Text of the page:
There are a lot of similarities with Virgin, and most of them are good ones. Many Virgin cast members return (including Steve Carell in a neat cameo), along with alums from Apatow's Freaks And Geeks days. Like Virgin, the core storyline revolves around the hilarious, painful, but ultimately positive changes the protagonist undergoes to earn the love of a woman. Ben, with his perpetual drug use, unemployment, and dependence on a dwindling amount of Canadian government money, seems a far cry from being worthy of a glowing, blonde career woman like Allison, but of course, if he was a stud, there wouldn't be much of a movie, now would there?

And, like Virgin, the movie's concept succeeds because the characters, for all their crude humour and flaws, are genuinely likeable, realistic, and good-natured people. The reason Knocked Up proceeds past the first fifteen minutes is because Ben is willing to live up to his responsibilities and is capable of understanding the significance of fathering a child. There are far too many rom-coms out there that rely on the tired tactic of making their protagonists artificially quirky or uncharacteristically cruel or selfish in an effort to make the repetitive plots entertaining and interesting. Apatow, instead, takes a well-worn relic of a plot (opposites attract) and spices it up with relatable realism combined with blink-and-you'll-miss it conversational humour.

Plus, it's seriously funny. True, while there are visual gags aplenty, Knocked Up appears to be, before all else, a listening comedy. The characters talk to each other, articulately and at length, and people munching loudly on their popcorn while waiting for Rogen to be hit in the groin with a football are going to walk away sadly disappointed.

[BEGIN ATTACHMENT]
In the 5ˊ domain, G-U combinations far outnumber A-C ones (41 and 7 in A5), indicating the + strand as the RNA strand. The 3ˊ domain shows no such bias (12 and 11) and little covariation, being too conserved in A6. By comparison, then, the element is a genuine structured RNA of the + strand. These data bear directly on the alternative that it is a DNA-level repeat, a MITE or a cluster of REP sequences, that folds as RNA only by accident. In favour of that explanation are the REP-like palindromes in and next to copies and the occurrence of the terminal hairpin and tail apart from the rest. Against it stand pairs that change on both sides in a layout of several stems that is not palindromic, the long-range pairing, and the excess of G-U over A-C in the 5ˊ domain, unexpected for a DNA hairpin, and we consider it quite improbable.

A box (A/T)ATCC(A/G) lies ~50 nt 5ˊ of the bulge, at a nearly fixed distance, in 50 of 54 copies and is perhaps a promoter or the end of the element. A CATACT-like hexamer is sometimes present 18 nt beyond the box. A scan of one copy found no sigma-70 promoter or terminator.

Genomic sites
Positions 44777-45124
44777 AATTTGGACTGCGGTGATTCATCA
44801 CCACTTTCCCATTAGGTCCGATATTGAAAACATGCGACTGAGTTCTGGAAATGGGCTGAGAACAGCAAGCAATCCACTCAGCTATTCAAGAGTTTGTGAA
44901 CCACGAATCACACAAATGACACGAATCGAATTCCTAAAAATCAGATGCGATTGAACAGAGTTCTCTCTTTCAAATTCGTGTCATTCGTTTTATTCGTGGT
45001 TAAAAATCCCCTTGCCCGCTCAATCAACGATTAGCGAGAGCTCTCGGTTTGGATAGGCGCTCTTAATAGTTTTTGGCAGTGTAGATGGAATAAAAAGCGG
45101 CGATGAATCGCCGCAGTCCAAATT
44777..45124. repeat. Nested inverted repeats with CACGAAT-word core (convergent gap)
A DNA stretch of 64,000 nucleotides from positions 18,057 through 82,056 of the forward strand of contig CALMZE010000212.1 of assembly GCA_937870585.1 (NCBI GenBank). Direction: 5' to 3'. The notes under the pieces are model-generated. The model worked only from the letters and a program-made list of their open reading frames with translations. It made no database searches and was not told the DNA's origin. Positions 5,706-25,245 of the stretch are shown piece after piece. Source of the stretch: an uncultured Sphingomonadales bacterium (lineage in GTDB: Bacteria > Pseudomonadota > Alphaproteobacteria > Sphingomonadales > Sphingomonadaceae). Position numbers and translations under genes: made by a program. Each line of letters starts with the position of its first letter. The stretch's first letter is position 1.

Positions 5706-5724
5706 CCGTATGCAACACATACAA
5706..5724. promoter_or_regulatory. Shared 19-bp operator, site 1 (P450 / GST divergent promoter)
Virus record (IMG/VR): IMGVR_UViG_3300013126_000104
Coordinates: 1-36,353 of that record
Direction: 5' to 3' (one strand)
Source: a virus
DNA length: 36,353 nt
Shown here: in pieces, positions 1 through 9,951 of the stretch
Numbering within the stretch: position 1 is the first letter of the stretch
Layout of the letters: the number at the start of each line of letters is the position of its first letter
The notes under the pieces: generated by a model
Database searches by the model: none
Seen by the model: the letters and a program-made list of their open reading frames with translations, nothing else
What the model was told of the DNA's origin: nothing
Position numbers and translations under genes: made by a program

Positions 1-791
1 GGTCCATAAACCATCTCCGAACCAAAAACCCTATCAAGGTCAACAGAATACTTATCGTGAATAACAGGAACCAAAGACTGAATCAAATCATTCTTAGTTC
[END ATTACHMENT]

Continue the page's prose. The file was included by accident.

For those of us with ears open, this was a real treat.

Crush du Jour Rating:

Elijah's super-keen! (Translation: "Never doubt the soothing, sensual powers of dorks! A!")

"Golden Opportunity" rejected by Interzone

But I got an interesting personally written rejection. The editor encouraged me to send another story in November, but basically outlined that neither editors at Interzone wanted to accept fairy-tale retellings, for the reason that they receive so many, and so many are crap, and so many are basically the same story with different trappings, that even if they accept the really, really good ones, they're just going to get a billion more sub-par ones in the mail.

Which I can understand.

The editor said to feel free to send another story which is not (their emphasis) a fairy-tale retelling in November.

The first day I got this, I ranted, "It wasn't a fairy-tale retelling! It's an exploration of a fairy-tale trope!" And then I came to my senses. It doesn't matter what I think the story is - it matters what the editor thinks it is. If the editor identified it as a retelling, than my arguing over specifics isn't going to change anything. I'm still going to send it out somewhere else, but the question remains: where?

Sunday, June 17, 2007

More reviews!

Up at Green Man, the new edition's posted my reviews of The Year's Best Fantasy and Horror - Tenth Annual Edition, Jonathan Green's Unnatural History, Austin Grossman's Soon I Will Be Invincible, Amanda Hemingway's Sangreal Trilogy, and Ian McDonald's Brasyl. Whew! Be sure to go check them out, if you have the time.

Friday, June 15, 2007

Discussing VFS

Well, today I got a call from one of the advisors from the Vancouver Film School (basically where I'd like to be going after I graduate) and I was able to ask him lots of questions about how to get started applying there.

Which I apparently should, like, RIGHT NOW, even though I'm not planning on going until 2009 (I'm taking a year off work full-time to earn the tuition). Besides which, they get hundreds of applications a year but take on only thirty students per class (and there are three writing classes a year), so, yeah, it's competitive. But what was I expecting, really?